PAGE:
Pressure on the Nigerian reserves has forced it to shed $203.9m in August, despite crude prices above the country’s budget benchmark.
Reserves fell 0.51 per cent to $39.015bn as of August 30, 2022 according to the movement of reserves data of the Central Bank of Nigeria,
By July ending this year, the CBN data revealed that foreign exchange reserves closed at $39.219bn.
The fall comes amidst a $100 crude oil average price in August against a benchmark of $62 per barrel set by the Federal Government for N17.12trn budget.
Since the invasion of Ukraine by Russia, crude oil prices have been at its highest level since 2020 when Covid-19 pandemic led to global lockdowns.
Nigerian reserves are largely dependent on foreign exchange proceeds from crude oil exports.
Other assets that make up the reserves are Gold coin or bullion; Nigeria’s Gold Tranche in the International Monetary Fund (IMF); Allocation of Special Drawing Rights (SDR) made to Nigeria by the IMF; Treasury bills having a maturity not exceeding one year issued by the government of any country outside Nigeria whose currency is freely convertible and Securities of, or guarantees by, a government of any country outside Nigeria whose currency is freely convertible provided such securities shall mature in a period not exceeding ten years.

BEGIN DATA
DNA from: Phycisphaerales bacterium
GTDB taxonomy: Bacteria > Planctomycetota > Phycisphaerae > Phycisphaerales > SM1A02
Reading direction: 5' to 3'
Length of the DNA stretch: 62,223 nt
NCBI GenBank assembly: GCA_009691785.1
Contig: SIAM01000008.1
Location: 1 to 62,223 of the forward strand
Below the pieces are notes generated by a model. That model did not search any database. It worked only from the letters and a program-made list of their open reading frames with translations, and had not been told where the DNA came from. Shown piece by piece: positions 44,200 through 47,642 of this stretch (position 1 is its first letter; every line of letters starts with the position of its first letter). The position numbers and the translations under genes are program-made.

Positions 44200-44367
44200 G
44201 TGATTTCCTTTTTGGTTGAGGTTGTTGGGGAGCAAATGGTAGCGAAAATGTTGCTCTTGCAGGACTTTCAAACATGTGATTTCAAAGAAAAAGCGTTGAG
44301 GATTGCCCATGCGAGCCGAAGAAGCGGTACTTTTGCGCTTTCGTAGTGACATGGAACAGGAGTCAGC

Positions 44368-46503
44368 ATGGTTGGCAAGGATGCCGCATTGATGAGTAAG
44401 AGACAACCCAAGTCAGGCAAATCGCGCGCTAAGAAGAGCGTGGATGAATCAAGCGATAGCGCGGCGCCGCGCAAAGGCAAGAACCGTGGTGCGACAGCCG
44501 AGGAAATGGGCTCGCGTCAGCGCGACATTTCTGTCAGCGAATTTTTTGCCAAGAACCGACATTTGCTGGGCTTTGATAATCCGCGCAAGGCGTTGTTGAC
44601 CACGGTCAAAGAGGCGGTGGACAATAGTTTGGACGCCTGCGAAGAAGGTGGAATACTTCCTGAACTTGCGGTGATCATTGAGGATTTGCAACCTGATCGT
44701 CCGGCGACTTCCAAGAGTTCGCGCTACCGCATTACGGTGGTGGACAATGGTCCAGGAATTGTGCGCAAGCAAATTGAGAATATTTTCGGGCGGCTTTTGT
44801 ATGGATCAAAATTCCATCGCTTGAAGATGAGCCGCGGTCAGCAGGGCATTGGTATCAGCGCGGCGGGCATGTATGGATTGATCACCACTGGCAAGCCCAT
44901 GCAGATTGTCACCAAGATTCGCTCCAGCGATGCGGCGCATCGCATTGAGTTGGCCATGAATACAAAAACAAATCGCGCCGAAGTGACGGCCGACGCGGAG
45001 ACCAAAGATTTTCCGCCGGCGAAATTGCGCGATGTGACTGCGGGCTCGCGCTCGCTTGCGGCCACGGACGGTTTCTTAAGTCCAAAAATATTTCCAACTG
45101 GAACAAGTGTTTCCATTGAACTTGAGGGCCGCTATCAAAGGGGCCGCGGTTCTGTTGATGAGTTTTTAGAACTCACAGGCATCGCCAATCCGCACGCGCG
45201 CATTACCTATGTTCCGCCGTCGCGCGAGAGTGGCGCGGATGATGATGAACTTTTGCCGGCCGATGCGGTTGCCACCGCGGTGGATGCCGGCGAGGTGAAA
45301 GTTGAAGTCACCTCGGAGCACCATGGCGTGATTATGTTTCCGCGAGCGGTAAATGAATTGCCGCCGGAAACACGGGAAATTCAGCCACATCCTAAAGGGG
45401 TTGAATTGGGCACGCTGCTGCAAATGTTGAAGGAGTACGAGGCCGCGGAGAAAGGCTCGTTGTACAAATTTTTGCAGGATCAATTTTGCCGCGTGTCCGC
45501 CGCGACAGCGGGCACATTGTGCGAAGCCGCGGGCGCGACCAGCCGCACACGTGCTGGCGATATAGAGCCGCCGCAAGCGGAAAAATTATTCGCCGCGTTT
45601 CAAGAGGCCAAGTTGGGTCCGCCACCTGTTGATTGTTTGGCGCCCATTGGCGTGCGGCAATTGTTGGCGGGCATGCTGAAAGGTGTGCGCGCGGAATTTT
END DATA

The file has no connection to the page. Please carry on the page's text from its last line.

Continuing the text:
Reserve assets serve many purposes but are most significantly held to ensure that a government or its agency has backup funds if their national currency rapidly devalues.
At the July Monetary Policy Committee meeting, the apex bank had noted the “marginal increase of 1.61 per cent in the level of external reserves to $39.22bn at end-June 2022 from $38.60bn at end-May 2022 due to the increase in inflows from non-oil sources.”
The Nigerian government said it loses 700,000 barrels of oil every day to oil theft at a monthly rate of $1.9bn.
Nigeria has been unable to meet its 1.8 million barrels production quota by the Organisation of Petroleum Exporting Countries.
The country produced 1.24m barrels per day in April and has produced below 1.4m barrels per day, according to the Nigerian National Petroleum Company Ltd.
This impacts foreign exchange swap transactions and crude oil-related taxes and penalties.
In the first half of 2022, the National Bureau of Statistics revealed that the sector contracted by 11.77 per cent in Q2 2022, representing an increase of 0.89 percent points relative to the rate recorded in the corresponding quarter of 2021.
On a quarter-on-quarter basis in 2022, the sector recorded a negative growth of -4.97 percent in Q2 2022 and contributed 6.33 percent to the total real GDP in Q2 2022.